Wilt's 100-point game was the big bonus for ref who was paid $40

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Fans and teammates surround Wilt Chamberlain to congratulate him after his 100-point game in 1962. (AP file photo)

On the night Pete D'Ambrosio became a footnote to sports history, he made $40.

But, as the 92-year-old West Philadelphia native has come to realize over the subsequent 50 years, that one night's work in Hershey earned him a priceless memory.

"It just seemed like it was going to be a night like any other," D'Ambrosio recalled. "The last thing I expected was history."

The night was March 2, 1962, a date now recalled by sports fans with an almost mystical reverence.

The Philadelphia Warriors' Wilt Chamberlain scored 100 points in a Hershey Arena victory over the New York Knicks that late-winter Friday, a perfectly rounded accomplishment that a half-century later seems no less astonishing or approachable.

D'Ambrosio and Reading's Willie Smith were the referees, their names at the bottom of that memorable box score linking them forever to perhaps the most noteworthy game in basketball history.

To mark the forthcoming 50th anniversary, the Philadelphia Sports Writers Association paid tribute to D'Ambrosio and others associated with that game during its annual Cherry Hill banquet Monday night.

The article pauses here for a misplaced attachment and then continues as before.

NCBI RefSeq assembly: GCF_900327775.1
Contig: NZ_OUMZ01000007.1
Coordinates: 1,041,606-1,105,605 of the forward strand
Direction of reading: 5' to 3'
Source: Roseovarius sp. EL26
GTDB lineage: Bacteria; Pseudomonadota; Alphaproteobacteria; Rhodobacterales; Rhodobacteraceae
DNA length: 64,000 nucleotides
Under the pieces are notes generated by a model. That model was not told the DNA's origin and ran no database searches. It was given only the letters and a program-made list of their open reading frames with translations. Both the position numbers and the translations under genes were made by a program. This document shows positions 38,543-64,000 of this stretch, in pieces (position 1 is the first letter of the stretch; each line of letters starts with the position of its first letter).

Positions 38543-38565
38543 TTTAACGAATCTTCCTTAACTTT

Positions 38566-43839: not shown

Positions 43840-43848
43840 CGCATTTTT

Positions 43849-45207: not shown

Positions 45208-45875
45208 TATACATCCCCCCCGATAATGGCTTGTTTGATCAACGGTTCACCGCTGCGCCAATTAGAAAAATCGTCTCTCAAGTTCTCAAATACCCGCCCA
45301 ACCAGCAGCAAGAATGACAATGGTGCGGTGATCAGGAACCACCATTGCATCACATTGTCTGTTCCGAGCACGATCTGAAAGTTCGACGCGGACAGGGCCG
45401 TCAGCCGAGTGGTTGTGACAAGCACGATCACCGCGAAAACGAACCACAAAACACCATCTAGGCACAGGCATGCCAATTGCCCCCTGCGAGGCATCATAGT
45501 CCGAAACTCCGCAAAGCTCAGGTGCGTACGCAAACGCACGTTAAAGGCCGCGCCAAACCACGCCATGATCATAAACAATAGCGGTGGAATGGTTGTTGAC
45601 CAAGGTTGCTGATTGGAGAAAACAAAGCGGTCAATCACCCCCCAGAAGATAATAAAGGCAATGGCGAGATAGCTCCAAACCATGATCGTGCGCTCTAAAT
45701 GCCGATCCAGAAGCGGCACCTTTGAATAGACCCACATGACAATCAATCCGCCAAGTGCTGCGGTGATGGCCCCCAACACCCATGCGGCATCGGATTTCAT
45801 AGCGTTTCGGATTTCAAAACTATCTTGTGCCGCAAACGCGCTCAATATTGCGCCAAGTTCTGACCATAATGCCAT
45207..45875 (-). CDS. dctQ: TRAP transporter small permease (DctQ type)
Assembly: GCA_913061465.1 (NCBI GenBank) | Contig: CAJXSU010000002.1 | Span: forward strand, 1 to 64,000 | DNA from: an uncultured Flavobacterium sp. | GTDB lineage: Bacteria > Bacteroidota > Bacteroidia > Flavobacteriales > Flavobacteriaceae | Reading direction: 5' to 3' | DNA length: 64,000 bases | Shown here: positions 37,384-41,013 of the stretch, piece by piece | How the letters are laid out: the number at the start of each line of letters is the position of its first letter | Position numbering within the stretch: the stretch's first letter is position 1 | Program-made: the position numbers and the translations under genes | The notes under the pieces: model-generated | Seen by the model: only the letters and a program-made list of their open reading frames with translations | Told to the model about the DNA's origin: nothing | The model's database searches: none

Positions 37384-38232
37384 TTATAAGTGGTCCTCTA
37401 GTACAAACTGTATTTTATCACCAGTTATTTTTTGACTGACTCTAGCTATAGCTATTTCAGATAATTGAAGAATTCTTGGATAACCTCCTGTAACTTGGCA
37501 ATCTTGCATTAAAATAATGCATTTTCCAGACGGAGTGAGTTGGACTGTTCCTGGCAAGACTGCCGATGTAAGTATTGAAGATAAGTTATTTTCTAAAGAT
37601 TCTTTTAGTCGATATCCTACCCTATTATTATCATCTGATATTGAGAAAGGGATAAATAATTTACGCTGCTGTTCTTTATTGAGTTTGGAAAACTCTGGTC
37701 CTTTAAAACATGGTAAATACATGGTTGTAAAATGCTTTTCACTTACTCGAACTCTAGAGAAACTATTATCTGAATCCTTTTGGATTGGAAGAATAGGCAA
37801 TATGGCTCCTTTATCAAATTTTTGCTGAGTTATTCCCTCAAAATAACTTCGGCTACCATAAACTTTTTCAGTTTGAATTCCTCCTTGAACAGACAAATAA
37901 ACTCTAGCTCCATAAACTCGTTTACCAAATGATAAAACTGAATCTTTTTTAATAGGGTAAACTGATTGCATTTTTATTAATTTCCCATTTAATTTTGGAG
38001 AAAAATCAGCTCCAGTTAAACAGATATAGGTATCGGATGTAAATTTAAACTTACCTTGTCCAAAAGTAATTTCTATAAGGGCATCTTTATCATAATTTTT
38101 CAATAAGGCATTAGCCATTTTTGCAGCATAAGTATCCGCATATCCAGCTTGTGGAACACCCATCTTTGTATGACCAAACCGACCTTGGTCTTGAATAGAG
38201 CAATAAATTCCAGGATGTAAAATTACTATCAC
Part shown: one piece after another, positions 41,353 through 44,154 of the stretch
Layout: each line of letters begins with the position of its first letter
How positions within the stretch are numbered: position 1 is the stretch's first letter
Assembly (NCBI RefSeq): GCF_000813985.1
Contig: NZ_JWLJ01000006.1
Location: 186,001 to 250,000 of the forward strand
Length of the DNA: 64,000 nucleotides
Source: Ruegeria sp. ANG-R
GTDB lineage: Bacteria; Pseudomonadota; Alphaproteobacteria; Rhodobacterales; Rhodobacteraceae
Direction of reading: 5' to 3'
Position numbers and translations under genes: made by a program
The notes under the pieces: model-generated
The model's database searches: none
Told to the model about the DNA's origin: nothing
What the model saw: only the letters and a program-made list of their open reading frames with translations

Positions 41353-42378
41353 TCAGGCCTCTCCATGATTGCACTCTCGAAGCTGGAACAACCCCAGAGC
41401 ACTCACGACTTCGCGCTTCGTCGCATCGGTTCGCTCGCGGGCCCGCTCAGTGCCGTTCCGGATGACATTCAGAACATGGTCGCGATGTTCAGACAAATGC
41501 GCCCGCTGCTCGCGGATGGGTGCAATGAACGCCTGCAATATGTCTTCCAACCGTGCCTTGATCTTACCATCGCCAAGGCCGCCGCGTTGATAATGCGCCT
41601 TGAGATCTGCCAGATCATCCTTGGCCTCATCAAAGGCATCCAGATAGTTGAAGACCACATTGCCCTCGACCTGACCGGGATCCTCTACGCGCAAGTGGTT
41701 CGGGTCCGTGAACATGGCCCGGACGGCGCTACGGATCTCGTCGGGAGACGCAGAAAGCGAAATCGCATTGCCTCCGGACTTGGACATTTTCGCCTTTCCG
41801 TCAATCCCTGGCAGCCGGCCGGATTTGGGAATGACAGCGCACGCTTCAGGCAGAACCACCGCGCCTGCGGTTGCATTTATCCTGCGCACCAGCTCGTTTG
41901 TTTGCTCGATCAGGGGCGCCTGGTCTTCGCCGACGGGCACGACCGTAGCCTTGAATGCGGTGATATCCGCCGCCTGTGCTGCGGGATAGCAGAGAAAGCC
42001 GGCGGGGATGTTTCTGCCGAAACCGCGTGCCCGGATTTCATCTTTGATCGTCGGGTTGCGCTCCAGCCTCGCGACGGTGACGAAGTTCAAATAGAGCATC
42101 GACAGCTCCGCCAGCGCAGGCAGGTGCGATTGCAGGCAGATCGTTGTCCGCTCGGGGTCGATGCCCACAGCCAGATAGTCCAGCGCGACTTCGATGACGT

In addition to D'Ambrosio, the group honored Bill Campbell, whose radio broadcast remains the only electronic record of the night; Joe Ruklick, the Warriors reserve who with 46 seconds remaining assisted on the basket that gave Chamberlain his 100 points; and Harvey Pollack, the longtime basketball statistics guru who was the Warriors' harried public-relations man that night.

Chamberlain died in 1999.

"I remember Willie and I sitting in the dressing room after that game and talking about how amazing it was that Wilt got that many points," D'Ambrosio said. "It was in the papers and the news the next day, but nobody really made a big deal out of it the way they would now."

For D'Ambrosio, it would turn out to be one of the last games in his eight-year career as an NBA official. A minor-league umpire and occasional high-school referee, he got the job in 1954 through Jocko Collins, a friend from Philadelphia who was the league's director of officiating.

"I enjoyed it. I probably worked 40 to 50 games a season," he said. "But I quit after '62 because I thought I was going to be hired by the National League [as a full-time umpire]. I went to Florida for spring training, but I guess they didn't like the way I worked a game because I went back to the International League that spring."

That March 2, D'Ambrosio left his West Philadelphia home in mid-afternoon and drove to Reading, where he picked up Smith. The two men went on to Hershey, where the second-place Warriors were hosting the woeful Knicks in one of the home-away-from-home games that were then an NBA staple.

"It was an easy job back then," D'Ambrosio said. "You didn't have to travel as far. You could drive to a lot of places. Of course, you didn't make the money that these fellows today do."